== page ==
Alumni spotlight: Jack Helmuth '97

by Jiaman Peng

June 17, 2019

From SNL to “Strahan and Sara,” television, radio and film alumnus says it’s important to make your own luck.

Jack Helmuth '97 on the set of "Strahan and Sara."
Jack Helmuth '97 on the set of "Strahan and Sara," where he is the head writer. Photo by Jiaman Peng.

Jack Helmuth ’97 got his start in comedy writing at “Saturday Night Live,” where he wrote for “Weekend Update.” A third-generation Syracuse alumnus, the television, radio and film student hosted his own show at University Union Television (UUTV, now CitrusTV) as a student and now works as the head writer for “Strahan and Sara,” the third hour of “Good Morning America,” hosted by Michael Strahan and Sara Haines.

Helmuth has had jobs writing for “The Nightly Show with Larry Wilmore,” “McEnroe,” “Who Wants To Be a Millionaire” and MTV’s “Video Music Awards.” He’s worked for shows on HBO, VH1, MTV, Spike TV, FUSE, Comedy Central and ESPN, and co-wrote and helped produce the independent feature film, “May the Best Man Win.”

“You have to make the choice to [find your thing],” says Helmuth. “There's luck involved, there's all sorts of things involved, but you also have to make your own luck.”

We sat down with Helmuth to talk a bit about his experiences in the tough business of comedy writing.

Do you remember what you wanted to do after Newhouse?

I definitely remember; it's what I'm doing [now]. I wanted to get into late night comedy. In ninth grade, I discovered David Letterman back when he was on the 12:30 a.m. NBC show. Let’s say for a little while I had a tardiness problem at school, but there was always one teacher who believed in me. He said to me… “They don't understand that for you, watching David Letterman is homework. That’s studying for you because one day you're going to be a writer.”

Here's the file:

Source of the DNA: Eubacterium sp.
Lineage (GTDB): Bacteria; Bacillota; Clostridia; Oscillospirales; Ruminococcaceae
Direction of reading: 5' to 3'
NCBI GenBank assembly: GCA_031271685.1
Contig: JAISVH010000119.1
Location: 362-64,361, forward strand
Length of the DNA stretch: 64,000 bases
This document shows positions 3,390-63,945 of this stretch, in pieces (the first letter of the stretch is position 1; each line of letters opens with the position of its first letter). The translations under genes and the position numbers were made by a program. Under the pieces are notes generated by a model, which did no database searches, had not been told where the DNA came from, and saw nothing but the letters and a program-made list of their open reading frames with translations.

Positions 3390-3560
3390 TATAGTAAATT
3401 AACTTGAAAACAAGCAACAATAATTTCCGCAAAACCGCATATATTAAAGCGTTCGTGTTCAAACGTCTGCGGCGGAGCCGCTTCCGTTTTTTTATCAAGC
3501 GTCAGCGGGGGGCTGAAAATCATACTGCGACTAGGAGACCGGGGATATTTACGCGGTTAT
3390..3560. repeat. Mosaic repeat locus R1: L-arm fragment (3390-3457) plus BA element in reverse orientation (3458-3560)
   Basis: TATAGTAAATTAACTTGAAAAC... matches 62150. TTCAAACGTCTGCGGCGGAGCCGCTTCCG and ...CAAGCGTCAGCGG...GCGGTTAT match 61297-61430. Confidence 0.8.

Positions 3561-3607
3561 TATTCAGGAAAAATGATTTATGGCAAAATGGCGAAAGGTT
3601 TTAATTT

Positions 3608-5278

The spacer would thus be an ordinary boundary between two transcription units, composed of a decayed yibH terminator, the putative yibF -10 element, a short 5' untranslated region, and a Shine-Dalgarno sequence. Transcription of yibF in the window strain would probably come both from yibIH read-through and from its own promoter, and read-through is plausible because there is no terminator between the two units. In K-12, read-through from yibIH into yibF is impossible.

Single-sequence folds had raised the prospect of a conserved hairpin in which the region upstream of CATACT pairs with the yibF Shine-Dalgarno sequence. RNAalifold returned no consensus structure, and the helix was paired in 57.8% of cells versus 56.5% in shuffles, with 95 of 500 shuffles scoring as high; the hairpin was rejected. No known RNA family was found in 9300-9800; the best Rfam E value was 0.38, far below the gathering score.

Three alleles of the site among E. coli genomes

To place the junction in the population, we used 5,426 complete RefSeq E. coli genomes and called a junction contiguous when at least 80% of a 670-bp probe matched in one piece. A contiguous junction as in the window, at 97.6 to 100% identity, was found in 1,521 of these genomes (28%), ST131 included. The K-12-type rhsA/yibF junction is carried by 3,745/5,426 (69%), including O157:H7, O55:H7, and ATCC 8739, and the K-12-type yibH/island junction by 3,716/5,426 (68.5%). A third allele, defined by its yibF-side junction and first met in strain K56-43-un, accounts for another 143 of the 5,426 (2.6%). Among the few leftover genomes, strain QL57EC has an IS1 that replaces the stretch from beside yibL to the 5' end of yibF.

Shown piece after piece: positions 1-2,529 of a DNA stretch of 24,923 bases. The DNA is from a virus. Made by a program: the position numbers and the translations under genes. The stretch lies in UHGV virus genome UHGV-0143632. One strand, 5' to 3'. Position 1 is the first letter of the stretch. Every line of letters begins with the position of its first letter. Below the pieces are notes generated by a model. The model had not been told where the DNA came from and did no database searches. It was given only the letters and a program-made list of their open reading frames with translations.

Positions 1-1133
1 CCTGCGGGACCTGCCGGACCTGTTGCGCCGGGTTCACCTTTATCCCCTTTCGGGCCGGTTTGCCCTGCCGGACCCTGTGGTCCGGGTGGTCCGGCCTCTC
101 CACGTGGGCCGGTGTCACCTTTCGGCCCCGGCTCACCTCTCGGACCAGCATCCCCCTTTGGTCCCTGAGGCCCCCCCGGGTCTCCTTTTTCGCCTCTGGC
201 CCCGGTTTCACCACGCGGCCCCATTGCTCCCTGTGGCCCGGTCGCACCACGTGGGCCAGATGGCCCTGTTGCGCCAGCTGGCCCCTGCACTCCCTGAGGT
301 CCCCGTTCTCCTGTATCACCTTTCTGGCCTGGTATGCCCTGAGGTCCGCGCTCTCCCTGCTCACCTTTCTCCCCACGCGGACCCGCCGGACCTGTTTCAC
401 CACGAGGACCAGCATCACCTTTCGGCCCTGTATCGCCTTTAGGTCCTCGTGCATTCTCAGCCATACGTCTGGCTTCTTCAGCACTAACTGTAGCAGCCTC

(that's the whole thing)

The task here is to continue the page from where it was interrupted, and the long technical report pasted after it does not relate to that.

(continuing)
Your first job out of college was writing for “Saturday Night Live”; what did you get from that experience?

I came out of college wanting to be a comedy writer, and I was okay. I wasn't good enough to be a pro, but you spend three years at SNL with literally the best writers in the business, you're just going to learn and get better. It’s comedy grad school. Three years later, I was ready to be a comedy writer. I felt the difference.

When do you know you should stick with something even though it’s difficult?

When you can’t imagine not doing it. I cannot not do TV or comedy. When I got this job at “Strahan and Sara” and I was on set again, it's just like I'm home. You have to make the choice to [find your thing]. I made those choices; I didn't leave power in other people's hands.

Does writing comedy ever get easier?

Yes, with experience, [but] there's always the fear. You always have that blank page of like, “Okay, this needs to be something funny and on TV in a few hours.” Not everything I write is great by any stretch of the imagination, but it can generally be good enough. There's always a fear that you're going to stop being funny, like if I tell a joke and it doesn't [land], what if I’m losing it? 

So how do you cope with that?

Once you've done it, then you know you have it. I wrote “Weekend Update” jokes for my three years at SNL. I look back on the jokes that I gave them after a year of writing and [I’m] horrified. I cannot believe how bad [they were], but it was only through doing them that I got better. The confidence absolutely does come.

Jiaman Peng is a junior in the advertising program at the Newhouse School.